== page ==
"Some" Autonomous Vehicle service providers may be able to provide vehicles to passengers who would otherwise be fully capable of driving the vehicle themselves; this is what taxis and ride-sharing companies do. But the interface between those passengers and the vehicle will obviously demand a computer that is "as good as" the local knowledge and communication skills of a human driver--if not better. Also obviously, this computer and interface design may face passengers with limited abilities. Some of these can be easily accommodated--especially for blind or deaf passengers--while others require more than i8st advanced software programming along with screens, speakers, and microphones. At what point can businesses providing AV transportation services deploy vehicles that are NOT accessible to passengers with ALL kinds of disabilities? As long as ride-sharing continues to be available, shouldn't we allow the first wave of AV services to launch their businesses without "regulation" as far as accessibility is concerned?
I can envision a business with some AV units that fail to accommodate, say, wheelchair passengers and other units that have easy roll-in and strap-down robotics. Is "access" going to be denied to all people just because the mobility impaired might have to wait longer or choose a different business?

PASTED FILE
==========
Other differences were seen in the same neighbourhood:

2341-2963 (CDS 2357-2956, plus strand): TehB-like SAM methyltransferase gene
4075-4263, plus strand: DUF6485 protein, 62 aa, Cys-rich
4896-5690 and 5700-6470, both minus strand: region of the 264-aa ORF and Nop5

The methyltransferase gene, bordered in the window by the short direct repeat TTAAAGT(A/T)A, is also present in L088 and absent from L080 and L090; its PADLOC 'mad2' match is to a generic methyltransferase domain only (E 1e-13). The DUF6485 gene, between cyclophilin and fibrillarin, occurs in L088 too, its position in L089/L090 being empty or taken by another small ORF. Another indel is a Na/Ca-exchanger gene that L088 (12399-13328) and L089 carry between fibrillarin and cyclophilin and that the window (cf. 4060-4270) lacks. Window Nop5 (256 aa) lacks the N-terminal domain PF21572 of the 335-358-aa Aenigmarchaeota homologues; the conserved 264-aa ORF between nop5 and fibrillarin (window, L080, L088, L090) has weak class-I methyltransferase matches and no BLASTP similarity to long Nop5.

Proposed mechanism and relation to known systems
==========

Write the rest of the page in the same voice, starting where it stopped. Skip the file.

I think the "standards" ought to apply to the various ways for each disability to be accommodated but that a vehicle not intended to be used by the disabled should not need to meet those standards. I don't want to see the ludicrous situation repeated such as now when disabled people make a career out of suing businesses who fail to accommodate them. In fact, I think we should make such frivolous lawsuits a criminal offense. I'd rather have NO regulation at all than to have the disaster called ADA invade the AV industry.